Modulation of the biologic activity of the rabbit intervertebral disc by gene therapy: An in vivo study of adenovirus-mediated transfer of the human transforming growth factor β1 encoding gene

Kotaro Nishida, James D. Kang, Lars G. Gilbertson, Seong Hwan Moon, Jun Kyo Suh, Molly T. Vogt, Paul D. Robbins, Christopher H. Evans

Research output: Contribution to journalArticle

261 Citations (Scopus)

Abstract

Study Design. In vivo studies using a rabbit model to determine the biologic effects of direct, adenovirus-mediated transfer of a therapeutic gene to the intervertebral disc. Objectives. 1) To deliver an exogenous therapeutic gene to rabbit lumbar intervertebral discs in vivo, 2) to quantify the resulting amount of gene expression, and 3) to determine the effect on the biologic activity of the discs. Summary of Background Data. Although growth factors such as transforming growth factor β1 appear to have promising therapeutic properties, there currently is no practical method for sustained delivery of exogenous growth factors to the disc for the management of certain chronic types of disease (e.g., disc degeneration). A possible solution is to modify the disc cells genetically through gene transfer such that the cells manufacture the desired growth factors endogenously on a continuous basis. Methods. Saline, with or without virus, was injected directly into lumbar discs of 22 skeletally mature female New Zealand white rabbits. Group 1 (n = 11) received the adenovirus construct Ad/CMV-hTGFβ1 containing the therapeutic human transforming growth factor β1-encoding gene. Group 2 (n = 6) received adenovirus containing the luciferase marker gene. Group 3 (n = 5) received saline only. The rabbits were killed 1 week after injection. Immunohistochemical staining for human transforming growth factor β1 was performed on the disc tissues of one rabbit from Group 1. Nucleus pulposus tissues from the remaining rabbits were cultured in serumless medium. Bioassays were performed to determine human transforming growth factor β1 production and proteoglycan synthesis. Results. Discs injected with Ad/CMV-hTGFβ1 exhibited extensive and intense positive immunostaining for transforming growth factorβ1. The nucleus pulposus tissues from the discs injected with Ad/CMV-hTGFβ1 exhibited a 30-fold increase in active transforming growth factorβ1 production, and a 5-fold increase in total (active + latent) transforming growth factor β1 production over that from intact control discs (P < 0.05). Furthermore, these tissues exhibited a 100% increase in proteoglycan synthesis compared with intact control tissue, which was statistically significant (P < 0.05). Conclusions. The results of this study suggest that the intervertebral disc is an appropriate site for adenovirus-mediated transfer of exogenous genes and subsequent production of therapeutic growth factors. Gene therapy therefore may have useful applications for study of the basic science of the intervertebral disc and for clinical management of degenerative disc disease.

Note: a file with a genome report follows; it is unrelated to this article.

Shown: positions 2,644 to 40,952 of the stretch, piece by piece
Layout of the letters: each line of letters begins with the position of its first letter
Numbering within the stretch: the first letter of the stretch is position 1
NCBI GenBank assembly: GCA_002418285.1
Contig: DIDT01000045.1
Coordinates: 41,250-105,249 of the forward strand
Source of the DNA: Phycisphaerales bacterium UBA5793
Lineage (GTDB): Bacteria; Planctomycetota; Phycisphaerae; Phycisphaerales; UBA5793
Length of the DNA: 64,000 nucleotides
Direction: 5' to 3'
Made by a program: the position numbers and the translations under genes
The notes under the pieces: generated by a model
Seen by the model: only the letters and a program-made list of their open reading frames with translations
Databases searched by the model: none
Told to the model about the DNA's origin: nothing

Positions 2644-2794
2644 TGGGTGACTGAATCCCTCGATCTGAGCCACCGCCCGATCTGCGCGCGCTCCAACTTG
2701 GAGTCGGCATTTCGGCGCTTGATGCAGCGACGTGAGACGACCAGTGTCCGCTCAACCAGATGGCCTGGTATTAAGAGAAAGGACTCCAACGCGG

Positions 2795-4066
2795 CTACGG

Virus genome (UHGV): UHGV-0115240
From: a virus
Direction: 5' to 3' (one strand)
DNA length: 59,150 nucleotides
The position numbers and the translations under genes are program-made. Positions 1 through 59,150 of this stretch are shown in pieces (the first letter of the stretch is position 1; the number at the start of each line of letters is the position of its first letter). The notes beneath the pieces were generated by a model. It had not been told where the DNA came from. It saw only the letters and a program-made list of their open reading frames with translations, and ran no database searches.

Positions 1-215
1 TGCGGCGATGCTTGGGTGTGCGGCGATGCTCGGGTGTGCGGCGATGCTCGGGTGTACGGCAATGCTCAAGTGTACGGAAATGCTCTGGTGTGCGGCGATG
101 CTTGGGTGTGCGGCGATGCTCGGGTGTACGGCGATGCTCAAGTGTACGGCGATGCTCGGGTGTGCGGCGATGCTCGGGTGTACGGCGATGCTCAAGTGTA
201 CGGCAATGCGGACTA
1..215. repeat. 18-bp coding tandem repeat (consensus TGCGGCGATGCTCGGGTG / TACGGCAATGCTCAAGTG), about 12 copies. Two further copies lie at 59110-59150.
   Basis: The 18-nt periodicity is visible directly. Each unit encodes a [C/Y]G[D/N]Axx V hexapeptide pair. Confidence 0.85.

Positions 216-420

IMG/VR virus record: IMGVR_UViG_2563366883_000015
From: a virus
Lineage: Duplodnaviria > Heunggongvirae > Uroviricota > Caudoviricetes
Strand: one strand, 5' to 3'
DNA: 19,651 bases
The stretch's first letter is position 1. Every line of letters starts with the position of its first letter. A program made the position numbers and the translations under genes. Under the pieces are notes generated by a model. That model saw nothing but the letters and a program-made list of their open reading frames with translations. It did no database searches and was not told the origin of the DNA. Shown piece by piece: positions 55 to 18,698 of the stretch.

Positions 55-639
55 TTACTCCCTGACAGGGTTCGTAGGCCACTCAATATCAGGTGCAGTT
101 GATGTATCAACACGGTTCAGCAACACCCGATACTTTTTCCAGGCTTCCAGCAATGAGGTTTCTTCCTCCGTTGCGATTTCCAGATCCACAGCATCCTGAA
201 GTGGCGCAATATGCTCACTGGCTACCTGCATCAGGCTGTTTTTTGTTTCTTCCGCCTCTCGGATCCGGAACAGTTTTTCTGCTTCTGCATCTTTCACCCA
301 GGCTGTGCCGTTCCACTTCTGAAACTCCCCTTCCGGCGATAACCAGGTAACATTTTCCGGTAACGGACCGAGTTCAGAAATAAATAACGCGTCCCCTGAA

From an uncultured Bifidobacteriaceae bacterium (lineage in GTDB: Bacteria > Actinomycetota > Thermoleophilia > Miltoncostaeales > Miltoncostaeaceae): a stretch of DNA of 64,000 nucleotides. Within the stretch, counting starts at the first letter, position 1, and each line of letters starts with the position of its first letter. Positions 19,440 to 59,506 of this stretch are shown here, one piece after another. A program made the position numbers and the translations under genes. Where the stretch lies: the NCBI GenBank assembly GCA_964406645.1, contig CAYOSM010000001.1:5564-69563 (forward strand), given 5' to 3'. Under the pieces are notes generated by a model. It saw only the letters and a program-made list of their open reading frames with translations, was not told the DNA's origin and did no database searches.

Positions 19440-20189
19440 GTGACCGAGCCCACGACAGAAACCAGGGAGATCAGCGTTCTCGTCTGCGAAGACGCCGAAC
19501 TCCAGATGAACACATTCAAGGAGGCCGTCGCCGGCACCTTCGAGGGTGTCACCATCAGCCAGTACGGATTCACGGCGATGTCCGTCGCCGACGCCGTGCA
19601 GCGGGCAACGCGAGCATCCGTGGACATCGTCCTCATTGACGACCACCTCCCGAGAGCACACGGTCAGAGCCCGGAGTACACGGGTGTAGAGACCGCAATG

Original languageEnglish
Pages (from-to)2419-2425
Number of pages7
JournalSpine
Volume24
Issue number23
DOIs
Publication statusPublished - 1999 Dec 1

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Intervertebral Disc
Transforming Growth Factors
Adenoviridae
Genetic Therapy
Rabbits
Intercellular Signaling Peptides and Proteins
Genes
Proteoglycans
Therapeutics
Intervertebral Disc Degeneration
Growth
Luciferases
Biological Assay
Chronic Disease
Staining and Labeling
Viruses
Gene Expression
Injections

All Science Journal Classification (ASJC) codes

  • Orthopedics and Sports Medicine
  • Clinical Neurology

Cite this

Nishida, Kotaro ; Kang, James D. ; Gilbertson, Lars G. ; Moon, Seong Hwan ; Suh, Jun Kyo ; Vogt, Molly T. ; Robbins, Paul D. ; Evans, Christopher H. / Modulation of the biologic activity of the rabbit intervertebral disc by gene therapy : An in vivo study of adenovirus-mediated transfer of the human transforming growth factor β1 encoding gene. In: Spine. 1999 ; Vol. 24, No. 23. pp. 2419-2425.
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title = "Modulation of the biologic activity of the rabbit intervertebral disc by gene therapy: An in vivo study of adenovirus-mediated transfer of the human transforming growth factor β1 encoding gene",